Mobiele menu

Targeting the ER stress response in non-alcoholic fatty liver disease


Farmacologische manipulatie van ER stress in vette leverziekte

Cellulaire stress veroorzaakt door overgewicht en vetophoping in de lever kan via de activatie van de “Unfolded Protein Response” in het endoplasmatisch reticulum (UPRER) verminderd worden. De onderzoekers gaan de rol en “druggability” van UPRER componenten identificeren en hun potentiële bruikbaarheid in de behandeling van niet - alcoholische leververvetting onderzoeken.

Targeting the ER stress response in non-alcoholic fatty liver disease

Cellular stress caused by obesity and accumulation of fat in the liver can be reversed via activation of the Unfolded Protein Response of the endoplasmic reticulum (UPRER). Here we will investigate the involvement and “druggability” of UPRER targets and explore their potential for the treatment of non-alcoholic fatty liver disease.


Samenvatting van de aanvraag

Non-alcoholic fatty liver disease (NAFLD) is the most common liver disease in Western societies (prevalence of 20-50%) and one of the most serious conditions associated with obesity. Yet there is still no approved pharmacologic treatment option. An overload of fat in metabolically highly active organs such as the liver is both a cause and a consequence of stress in the endoplasmic reticulum (ER), the organelle central to protein synthesis and folding as well as of lipid biosynthesis. This creates a vicious cycle that promotes NAFLD. When the protein folding and secretory capacity of the ER are dysregulated, adaptive processes including the Unfolded Protein Response of the ER (UPR-ER) are activated to restore homeostasis. The UPR-ER pathway provides a potential therapeutic target for metabolic and degenerative diseases as well as cancer. At the foundation of this exciting new investigation is my recent identification of Fibroblast Growth Factor 1 (FGF1) as a hormone with beneficial metabolic properties, including potent reversal of NAFLD. My finding that reversal of NAFLD by FGF1 is mediated via unconventional activation of the UPR-ER, characterized by increased protein folding without stimulation of ER associated degradation offers the prospect of finding novel therapeutic treatments for NAFLD. Thus, in this Vici project I will define the molecular mechanism by which modulation of the ER stress response affects hepatic lipid secretion and how this can be used in the treatment of NAFLD. To achieve this , I will: (i) dissect the unconventional UPR pathway at the molecular level and establish its effect on chaperone-mediated folding of components of the lipid secretory machinery; (ii) determine the physiologic and therapeutic consequences of modulation of folding for hepatic lipid secretion using cellular and mouse models of NAFLD, and (iii) examine the therapeutic and diagnostic potential of folding in NAFLD using iPSC-derived hepatocytes and liver biopsies of patients. By combining the power of state-of-the art proteomics and CRISPR-Cas9 gene editing techniques with studies investigating the regulation of hepatic lipid secretion by the UPRER in mouse models and in patient-derived cells, we will be at the forefront of providing new insights into disease-mechanisms. The novel cellular and mouse models generated in this project will allow us to unravel the physiological relevance of specific target molecules in hepatic lipid metabolism. The ultimate outcome will be novel therapeutic targets and treatment options for NAFLD and, potentially, other ER stress-related diseases.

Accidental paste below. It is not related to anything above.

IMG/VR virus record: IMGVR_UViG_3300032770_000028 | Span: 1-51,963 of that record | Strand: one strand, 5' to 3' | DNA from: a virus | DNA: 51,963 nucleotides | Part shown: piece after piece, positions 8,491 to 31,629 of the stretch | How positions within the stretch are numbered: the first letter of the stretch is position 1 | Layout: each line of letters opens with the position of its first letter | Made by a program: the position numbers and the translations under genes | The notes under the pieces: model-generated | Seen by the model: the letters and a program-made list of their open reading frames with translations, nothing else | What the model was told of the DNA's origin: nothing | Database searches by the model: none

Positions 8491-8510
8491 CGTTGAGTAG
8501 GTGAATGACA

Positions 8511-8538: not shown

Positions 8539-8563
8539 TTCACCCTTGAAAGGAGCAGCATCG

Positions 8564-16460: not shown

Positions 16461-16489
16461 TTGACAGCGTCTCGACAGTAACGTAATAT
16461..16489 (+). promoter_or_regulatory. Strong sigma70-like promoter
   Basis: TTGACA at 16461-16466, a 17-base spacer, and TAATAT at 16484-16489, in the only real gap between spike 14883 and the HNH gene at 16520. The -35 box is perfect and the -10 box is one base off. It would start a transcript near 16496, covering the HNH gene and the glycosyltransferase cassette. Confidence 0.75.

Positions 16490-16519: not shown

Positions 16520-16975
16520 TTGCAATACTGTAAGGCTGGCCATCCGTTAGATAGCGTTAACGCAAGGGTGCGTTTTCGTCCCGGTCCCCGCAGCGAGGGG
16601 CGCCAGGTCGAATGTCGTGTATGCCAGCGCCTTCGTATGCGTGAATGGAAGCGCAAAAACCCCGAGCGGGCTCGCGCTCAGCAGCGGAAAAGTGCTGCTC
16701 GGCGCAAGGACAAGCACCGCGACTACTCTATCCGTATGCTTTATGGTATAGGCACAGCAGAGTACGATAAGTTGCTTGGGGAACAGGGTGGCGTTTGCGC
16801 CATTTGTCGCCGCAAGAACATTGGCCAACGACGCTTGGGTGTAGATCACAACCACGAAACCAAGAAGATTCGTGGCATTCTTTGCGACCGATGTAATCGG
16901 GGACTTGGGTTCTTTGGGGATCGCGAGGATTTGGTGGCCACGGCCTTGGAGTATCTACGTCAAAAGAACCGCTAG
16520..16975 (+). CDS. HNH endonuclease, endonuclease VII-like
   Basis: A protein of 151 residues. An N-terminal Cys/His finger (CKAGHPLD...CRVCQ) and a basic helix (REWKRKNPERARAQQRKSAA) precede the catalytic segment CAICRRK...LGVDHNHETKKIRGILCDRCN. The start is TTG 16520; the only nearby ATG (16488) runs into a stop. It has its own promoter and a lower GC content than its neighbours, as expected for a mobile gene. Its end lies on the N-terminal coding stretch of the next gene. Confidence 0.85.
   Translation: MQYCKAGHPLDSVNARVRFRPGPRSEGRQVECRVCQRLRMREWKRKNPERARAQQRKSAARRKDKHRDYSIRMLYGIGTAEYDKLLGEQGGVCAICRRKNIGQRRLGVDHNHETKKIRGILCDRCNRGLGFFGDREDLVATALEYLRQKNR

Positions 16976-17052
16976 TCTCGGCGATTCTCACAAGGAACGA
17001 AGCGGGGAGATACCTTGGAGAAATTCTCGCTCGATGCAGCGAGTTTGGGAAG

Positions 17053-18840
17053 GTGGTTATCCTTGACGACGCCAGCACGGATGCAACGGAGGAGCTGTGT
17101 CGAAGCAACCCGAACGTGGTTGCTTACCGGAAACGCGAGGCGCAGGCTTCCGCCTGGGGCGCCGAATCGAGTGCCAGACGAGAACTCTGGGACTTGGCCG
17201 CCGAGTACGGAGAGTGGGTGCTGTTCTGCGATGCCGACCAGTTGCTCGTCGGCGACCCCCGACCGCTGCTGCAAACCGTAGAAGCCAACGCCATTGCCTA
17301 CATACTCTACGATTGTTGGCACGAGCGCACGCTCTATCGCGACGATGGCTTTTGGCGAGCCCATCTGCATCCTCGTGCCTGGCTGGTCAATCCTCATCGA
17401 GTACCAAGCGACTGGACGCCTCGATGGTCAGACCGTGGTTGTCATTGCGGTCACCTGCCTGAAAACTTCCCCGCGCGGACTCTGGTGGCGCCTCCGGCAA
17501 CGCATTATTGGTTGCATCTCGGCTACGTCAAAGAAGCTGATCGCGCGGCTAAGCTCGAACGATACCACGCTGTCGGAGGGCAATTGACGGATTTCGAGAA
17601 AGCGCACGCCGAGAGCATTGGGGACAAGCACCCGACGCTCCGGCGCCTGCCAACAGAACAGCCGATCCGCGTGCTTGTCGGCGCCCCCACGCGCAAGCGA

Looptijd: 100%
Looptijd: 100 %
Gerelateerde subsidieronde:
Projectleider en penvoerder:
prof. dr. H. Jonker
Verantwoordelijke organisatie:
Universitair Medisch Centrum Groningen